HMAS Junee

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HMAS Junee as a training ship in 1954. Her wartime armament has been replaced with two 40 mm Bofors guns.
HMAS Junee as a training ship in 1954. Her wartime armament has been replaced with two 40 mm Bofors guns.
Career (Australia)
Namesake: Town of Junee, New South Wales
Builder: Poole & Steel
Laid down: 17 February 1943
Launched: 16 November 1943
Commissioned: 11 April 1944
Decommissioned: 21 January 1946
Recommissioned: 25 February 1953
Decommissioned: 21 August 1957
Reclassified: Training ship (1953)
Honours and
awards:
Battle honours:
New Guinea 1943
Pacific 1944–45
Fate: Sold for scrap in 1958
General characteristics
Class & type: Bathurst class corvette
Displacement: 650 tons (standard), 1,025 tons (full war load)
Length: 186 ft (57 m)
Beam: 31 ft (9.4 m)
Draught: 8.5 ft (2.6 m)
Propulsion: triple expansion engine, 2 shafts, 1,800 horspeower
Speed: 15 knots (28 km/h; 17 mph) at 1,750 hp
Complement: 85
Armament: 1 × 4-inch gun, 1 × 40 mm anti-aircraft gun

HMAS Junee (J362/M362), named for the town of Junee, New South Wales, was one of 60 Bathurst class corvettes constructed during World War II, and one of 36 initially manned and commissioned solely by the Royal Australian Navy (RAN).[1]

Construction[edit]

Junee was laid down by Poole & Steel at Balmain, New South Wales on 17 February 1943.[1] She was launched on 16 November 1943 by the wife of John Solomon Rosevear, Speaker of the Australian House of Representatives, and commissioned into the RAN on 11 April 1944.[1]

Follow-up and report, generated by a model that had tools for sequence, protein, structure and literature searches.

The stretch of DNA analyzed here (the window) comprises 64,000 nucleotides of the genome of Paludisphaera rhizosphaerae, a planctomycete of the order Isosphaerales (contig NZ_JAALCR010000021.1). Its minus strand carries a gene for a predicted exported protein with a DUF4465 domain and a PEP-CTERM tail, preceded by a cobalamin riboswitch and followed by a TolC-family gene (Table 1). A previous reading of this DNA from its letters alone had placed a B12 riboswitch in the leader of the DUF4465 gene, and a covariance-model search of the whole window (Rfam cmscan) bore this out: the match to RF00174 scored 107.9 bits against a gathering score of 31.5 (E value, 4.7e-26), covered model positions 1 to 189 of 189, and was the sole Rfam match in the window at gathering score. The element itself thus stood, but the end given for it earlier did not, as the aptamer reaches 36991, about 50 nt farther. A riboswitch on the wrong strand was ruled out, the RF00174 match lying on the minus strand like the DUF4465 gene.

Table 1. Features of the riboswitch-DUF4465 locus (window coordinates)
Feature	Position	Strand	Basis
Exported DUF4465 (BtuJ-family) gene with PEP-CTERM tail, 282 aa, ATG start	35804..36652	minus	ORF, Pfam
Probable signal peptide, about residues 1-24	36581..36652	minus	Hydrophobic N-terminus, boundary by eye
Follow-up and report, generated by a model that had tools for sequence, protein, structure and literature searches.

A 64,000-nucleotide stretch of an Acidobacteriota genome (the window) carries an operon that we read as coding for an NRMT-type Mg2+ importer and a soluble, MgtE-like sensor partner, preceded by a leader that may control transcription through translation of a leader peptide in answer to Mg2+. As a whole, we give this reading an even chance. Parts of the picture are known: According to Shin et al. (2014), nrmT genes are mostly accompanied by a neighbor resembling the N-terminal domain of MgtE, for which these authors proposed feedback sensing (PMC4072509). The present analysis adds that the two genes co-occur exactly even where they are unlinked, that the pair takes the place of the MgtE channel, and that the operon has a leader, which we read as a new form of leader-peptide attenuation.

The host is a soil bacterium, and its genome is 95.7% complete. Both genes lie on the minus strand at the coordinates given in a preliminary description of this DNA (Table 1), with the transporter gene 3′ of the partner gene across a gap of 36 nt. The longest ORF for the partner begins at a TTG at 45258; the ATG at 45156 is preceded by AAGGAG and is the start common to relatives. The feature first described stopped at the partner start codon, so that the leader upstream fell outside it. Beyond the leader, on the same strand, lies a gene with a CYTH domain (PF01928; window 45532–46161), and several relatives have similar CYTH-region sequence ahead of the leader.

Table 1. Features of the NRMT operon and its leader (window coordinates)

Operational history[edit]

World War II[edit]

After entering active service, Junee was briefly assigned to New Guinea before being redeployed to Darwin, where she served as an anti-submarine patrol ship until February 1945, when the corvette underwent refit in Melbourne.[1]

In April 1945, Junee was sent to New Guinea, to serve as a convoy escort and anti-submarine patrol ship.[1] In August, the corvette fired her weapons in anger for the first time; sinking three Japanese supply barges while in the Sangir Islands.[1] The corvette was later assigned to Balikpapan as a guard ship, where she remained until the end of World War II.[1]

Following the end of the war, Junee evacuated Australian prisoners-of-war and civilians, assisted in the transportation of occupation forces, and aided in the reestablishment of Dutch authority in the Netherlands East Indies.[1] After fulfilling these duties, Junee returned to Australia, and was paid off into reserve in Melbourne on 21 January 1946.[1]

Junee received two battle honours for her wartime service: "New Guinea 1943" and "Pacific 1944–45".[2][3]

Post-war[edit]

The corvette was reactivated and recommissioned as a training ship on 25 February 1953.[1] Initially operating along the east coast, Junee was reassigned to the west coast on 25 August, operating from Fremantle.[1]

Decommissioning and fate[edit]

HMAS Junee paid off to reserve for the final time at Fremantle on 21 August 1957.[1] She was sold for scrap to W. G. Davies of Fremantle on 18 June 1958.[1] The ship was stripped and the hull sunk 20 miles (32 km) from Rottnest Island, WA, in 1968.[1]

References[edit]

  1. ^ a b c d e f g h i j k l m n "HMAS Junee (I)". HMA Ship Histories. Sea Power Centre – Royal Australian Navy. Retrieved 26 December 2008. 
  2. ^ "Navy Marks 109th Birthday With Historic Changes To Battle Honours". Royal Australian Navy. 1 March 2010. Archived from the original on 13 June 2011. Retrieved 23 December 2012. 
  3. ^ "Royal Australian Navy Ship/Unit Battle Honours". Royal Australian Navy. 1 March 2010. Archived from the original on 14 June 2011. Retrieved 23 December 2012. 

External links[edit]